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District 205 uses state Rising Star program for improvements

Published: Friday, Feb. 28, 2014 10:33 a.m. CST

ELMHURST – District 205 as a whole and three individual schools are using an Illinois State Board of Education program to set and achieve goals after failing to make adequate yearly progress.

York High School, Churchville Middle School, Conrad Fischer Elementary and the district are following Rising Star procedures.

“The state, at this point, would like to have all of [the schools] regardless of whether or not they’re required,” Charles Johns, assistant superintendent for curriculum and instruction, said at a recent Board of Education meeting.

Johns explained that, as a result of No Child Left Behind standings and recently revised Illinois State Board of Education procedures, three schools and the district have not made AYP. He anticipates within two years all District 205 schools will participate as the AYP standards set by NCLB will increase.

“It is an extremely high amount of work and labor that goes into completing these Rising Star plans,” Johns said.

One positive Johns mentioned about the program, which he described as “rigorous,” is that it takes a project management approach which isn’t often seen in education. Teams meet to evaluate what progress has been made on goals set the year before.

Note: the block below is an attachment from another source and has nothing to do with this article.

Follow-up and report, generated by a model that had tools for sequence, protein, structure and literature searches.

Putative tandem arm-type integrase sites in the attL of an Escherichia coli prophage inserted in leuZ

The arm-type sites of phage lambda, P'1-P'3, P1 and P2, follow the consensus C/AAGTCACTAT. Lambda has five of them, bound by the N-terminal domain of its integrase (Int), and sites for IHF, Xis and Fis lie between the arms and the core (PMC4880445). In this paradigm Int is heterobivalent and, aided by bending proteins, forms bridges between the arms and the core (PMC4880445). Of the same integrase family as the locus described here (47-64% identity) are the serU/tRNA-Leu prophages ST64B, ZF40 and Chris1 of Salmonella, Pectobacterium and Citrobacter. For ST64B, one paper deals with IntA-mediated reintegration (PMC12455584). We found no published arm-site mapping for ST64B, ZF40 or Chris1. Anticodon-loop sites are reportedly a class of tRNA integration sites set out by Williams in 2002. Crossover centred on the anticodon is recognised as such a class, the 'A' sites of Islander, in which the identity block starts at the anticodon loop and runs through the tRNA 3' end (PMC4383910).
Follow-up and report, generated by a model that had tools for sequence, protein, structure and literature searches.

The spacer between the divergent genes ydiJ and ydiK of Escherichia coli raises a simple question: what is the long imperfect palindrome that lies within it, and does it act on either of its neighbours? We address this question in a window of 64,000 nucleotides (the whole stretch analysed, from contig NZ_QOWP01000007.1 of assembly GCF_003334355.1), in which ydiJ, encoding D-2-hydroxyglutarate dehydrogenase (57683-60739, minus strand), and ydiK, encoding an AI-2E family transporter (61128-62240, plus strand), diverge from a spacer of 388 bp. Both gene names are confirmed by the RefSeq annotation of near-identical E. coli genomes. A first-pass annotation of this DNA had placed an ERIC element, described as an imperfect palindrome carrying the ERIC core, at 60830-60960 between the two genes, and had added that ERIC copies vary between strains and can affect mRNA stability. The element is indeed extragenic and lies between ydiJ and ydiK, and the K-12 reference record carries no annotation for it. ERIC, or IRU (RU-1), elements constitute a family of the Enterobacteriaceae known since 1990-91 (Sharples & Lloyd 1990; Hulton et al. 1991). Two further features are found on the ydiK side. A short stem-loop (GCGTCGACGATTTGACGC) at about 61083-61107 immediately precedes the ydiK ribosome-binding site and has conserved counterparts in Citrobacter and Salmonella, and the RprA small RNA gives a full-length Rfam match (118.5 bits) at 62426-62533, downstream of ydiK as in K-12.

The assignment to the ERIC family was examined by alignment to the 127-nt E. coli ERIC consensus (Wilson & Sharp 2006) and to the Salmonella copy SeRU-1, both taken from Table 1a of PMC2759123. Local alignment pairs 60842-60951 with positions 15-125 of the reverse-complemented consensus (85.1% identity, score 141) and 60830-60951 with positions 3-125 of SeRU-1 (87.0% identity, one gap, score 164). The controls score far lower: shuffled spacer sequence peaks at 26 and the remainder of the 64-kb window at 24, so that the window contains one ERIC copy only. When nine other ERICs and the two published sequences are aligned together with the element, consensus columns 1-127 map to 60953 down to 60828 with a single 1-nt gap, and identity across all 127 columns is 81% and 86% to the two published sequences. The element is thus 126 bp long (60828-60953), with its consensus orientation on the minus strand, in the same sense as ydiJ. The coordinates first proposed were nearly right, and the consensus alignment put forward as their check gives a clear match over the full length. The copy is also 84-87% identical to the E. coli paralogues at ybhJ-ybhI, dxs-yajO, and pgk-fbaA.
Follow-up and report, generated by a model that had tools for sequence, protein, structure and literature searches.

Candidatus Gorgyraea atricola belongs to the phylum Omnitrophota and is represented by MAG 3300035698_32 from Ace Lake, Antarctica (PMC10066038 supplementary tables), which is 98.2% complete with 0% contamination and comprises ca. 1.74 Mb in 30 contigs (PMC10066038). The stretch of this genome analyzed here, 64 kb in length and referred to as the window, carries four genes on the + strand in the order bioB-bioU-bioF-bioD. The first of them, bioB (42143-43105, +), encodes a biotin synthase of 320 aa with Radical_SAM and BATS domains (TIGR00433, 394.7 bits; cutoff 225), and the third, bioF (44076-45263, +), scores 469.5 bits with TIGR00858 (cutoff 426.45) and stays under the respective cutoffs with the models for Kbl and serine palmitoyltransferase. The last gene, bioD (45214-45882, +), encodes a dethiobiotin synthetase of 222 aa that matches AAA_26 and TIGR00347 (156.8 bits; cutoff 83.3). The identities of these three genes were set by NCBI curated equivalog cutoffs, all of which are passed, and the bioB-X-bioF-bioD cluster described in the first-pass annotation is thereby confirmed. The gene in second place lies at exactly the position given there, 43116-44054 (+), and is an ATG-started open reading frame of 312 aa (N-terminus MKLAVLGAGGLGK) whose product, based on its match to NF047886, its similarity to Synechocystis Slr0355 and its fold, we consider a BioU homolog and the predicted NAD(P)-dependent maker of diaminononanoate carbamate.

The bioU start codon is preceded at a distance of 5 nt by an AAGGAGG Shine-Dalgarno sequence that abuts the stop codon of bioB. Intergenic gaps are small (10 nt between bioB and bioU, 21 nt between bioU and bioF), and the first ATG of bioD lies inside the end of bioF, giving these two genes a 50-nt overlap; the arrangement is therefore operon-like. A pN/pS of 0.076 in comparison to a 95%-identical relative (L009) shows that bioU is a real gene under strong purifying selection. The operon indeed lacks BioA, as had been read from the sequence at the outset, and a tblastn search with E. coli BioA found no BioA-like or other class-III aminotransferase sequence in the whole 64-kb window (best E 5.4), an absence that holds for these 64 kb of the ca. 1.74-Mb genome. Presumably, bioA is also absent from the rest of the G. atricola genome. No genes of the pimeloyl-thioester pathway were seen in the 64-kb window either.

All schools in the district also create individual school improvement plans. Leadership teams at each school set goals based on their population’s unique needs.

“In some cases the principals and their teams dialed in on a very small target for an area of improvement at maybe a very high-performing school,” Johns said. “Other schools took broader or widely encompassing targets or goals.”

York’s school improvement plan goals applied to students as a whole. One goal is for instructional teams to assess curriculum and instructional strategies using student learning data. Churchville also set broad goals for professionals, learners and the school community.

Fischer, on the other hand, set goals aimed at meeting the needs of certain subgroups such as narrowing achievement gaps on the ISAT for Hispanic and low-income students and those with limited English proficiency by 10 percent compared to their peers at each grade level.

Board member Karen Stufen asked how the Rising Star plans, school improvement plans and key district performance indicators are related. They are separate plans, but all relate to goal-setting.

Johns suggested reviewing the plans and indicating which DPIs are also addressed through the Rising Star program this spring.

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